Infinidat, a provider of on-premises storage arrays, announced this week its implementation of the Container Storage Interface (CSI) for Kubernetes clusters is now generally available.
Erik Kaulberg, vice president at Infinidat, says it’s increasingly clear Kubernetes is gaining traction in on-premises IT environments. The challenge now is to enable containerized applications to scale out without sacrificing application performance, he says.
Infindat addresses that issue, he says, by employing machine learning algorithms to optimize the storing of data across DRAM, flash memory and hard disk drives within the storage array. That approach makes it possible to deploy hundreds of thousands of persistent volumes per InfiniBox using iSCSI, NFS or Fibre Channel protocols.
IT teams can then manage multiple InfiniBox arrays from within a single Kubernetes cluster, including being able to encrypt data at rest and manage snapshots and clones. Infinidat also provides access to a fabric that enables IT organizations to employ public clouds as an extension of the platform to, for example, backup and recover data when needed.
Infinidat is seeing containers and Kubernetes deployed on a mix of virtual machines and bare-metal servers, Kaulberg says, noting the InfiniBox CSI Driver has been certified to be compatible with Kubernetes distributions from Red Hat and VMware.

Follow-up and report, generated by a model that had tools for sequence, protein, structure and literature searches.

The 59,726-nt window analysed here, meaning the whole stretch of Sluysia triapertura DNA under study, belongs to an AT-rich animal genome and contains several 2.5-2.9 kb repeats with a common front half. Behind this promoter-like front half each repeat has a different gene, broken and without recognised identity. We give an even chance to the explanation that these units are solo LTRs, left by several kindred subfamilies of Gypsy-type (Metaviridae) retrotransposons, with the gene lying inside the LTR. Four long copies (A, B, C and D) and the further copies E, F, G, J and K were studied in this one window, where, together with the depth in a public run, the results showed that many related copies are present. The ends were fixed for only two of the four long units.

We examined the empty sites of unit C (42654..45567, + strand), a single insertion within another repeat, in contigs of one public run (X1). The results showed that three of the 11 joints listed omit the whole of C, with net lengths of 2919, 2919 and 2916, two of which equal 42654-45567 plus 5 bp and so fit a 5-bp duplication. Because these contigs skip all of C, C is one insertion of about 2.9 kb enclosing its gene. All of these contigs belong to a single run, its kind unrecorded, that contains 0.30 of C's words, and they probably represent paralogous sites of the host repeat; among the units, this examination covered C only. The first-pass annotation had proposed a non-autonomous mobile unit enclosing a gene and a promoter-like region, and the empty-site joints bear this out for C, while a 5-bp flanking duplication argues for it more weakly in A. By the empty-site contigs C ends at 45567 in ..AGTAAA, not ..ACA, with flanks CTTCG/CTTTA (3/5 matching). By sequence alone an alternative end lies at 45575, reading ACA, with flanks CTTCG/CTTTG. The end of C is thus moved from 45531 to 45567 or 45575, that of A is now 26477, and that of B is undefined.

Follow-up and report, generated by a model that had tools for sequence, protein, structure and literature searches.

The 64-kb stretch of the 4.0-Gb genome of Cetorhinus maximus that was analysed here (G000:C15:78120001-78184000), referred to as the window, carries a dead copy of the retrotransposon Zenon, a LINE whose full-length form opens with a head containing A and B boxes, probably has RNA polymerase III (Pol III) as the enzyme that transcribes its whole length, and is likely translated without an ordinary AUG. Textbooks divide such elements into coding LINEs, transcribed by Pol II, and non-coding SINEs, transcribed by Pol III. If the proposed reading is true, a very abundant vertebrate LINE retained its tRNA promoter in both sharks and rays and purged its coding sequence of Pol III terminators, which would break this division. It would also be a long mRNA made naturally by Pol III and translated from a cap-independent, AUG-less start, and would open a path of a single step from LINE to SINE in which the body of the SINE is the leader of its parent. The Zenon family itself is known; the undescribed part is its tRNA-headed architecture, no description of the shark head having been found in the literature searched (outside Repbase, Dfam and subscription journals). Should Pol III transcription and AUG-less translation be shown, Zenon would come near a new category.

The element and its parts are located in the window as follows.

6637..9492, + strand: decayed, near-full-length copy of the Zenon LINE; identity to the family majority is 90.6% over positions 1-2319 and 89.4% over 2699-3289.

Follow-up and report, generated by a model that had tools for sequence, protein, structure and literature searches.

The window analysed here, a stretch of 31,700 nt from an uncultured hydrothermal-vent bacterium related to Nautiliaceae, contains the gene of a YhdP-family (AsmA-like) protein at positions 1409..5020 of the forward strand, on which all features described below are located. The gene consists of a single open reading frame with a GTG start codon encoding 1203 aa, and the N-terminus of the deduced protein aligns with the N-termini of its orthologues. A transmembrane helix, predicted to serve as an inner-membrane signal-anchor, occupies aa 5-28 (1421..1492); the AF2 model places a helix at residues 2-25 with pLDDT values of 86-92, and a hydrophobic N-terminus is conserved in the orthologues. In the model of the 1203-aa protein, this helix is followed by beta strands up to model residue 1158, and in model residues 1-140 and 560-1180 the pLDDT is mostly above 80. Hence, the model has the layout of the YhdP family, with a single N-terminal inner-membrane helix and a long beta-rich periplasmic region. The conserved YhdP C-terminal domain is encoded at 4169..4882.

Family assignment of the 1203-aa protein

The rate at which stateful containerized applications are being deployed in production environments is steadily increasing. As such, providers of storage arrays are now all racing to support CSI, which provides a standard mechanism for connecting external storage arrays to a Kubernetes cluster. The challenge IT organizations face is CSI continues to be a work in progress; as such, not every CSI feature included in the open source Kubernetes project is equally mature.
Nevertheless, Kaulberg says it’s clear Kubernetes essentially is emerging as the new operating system in the enterprise, with vendors such as Infinidat curating which CSI features to support depending on their suitability for the enterprise.
It’s too early to say which vendors will win the container storage battle in on-premises IT environments. Incumbents have an obvious advantage, but anytime a major new platform is introduced many enterprises will, at the very least, consider their options. Enterprise IT organizations have already deployed more than 6 exabytes of data on Infinidat arrays, so Kaulberg says Infinidat will benefit from being a known quantity among IT operations teams.
In the meantime, IT teams should expect to encounter more I/O contention when deploying microservices-based applications built using containers. It’s not uncommon for hundreds of microservices to simultaneously try to access the same pool of data. Ideally, that data would be sitting in some form of cache memory because many of those microservices will be latency-sensitive. IT teams could spend an inordinate amount of time trying to optimize storage systems to meet those requirements. Conversely, they could allow a modern storage system infused with machine learning algorithms to figure it out for them. Given the overall complexity of IT environments these days, the most precious commodity in all of IT is now time.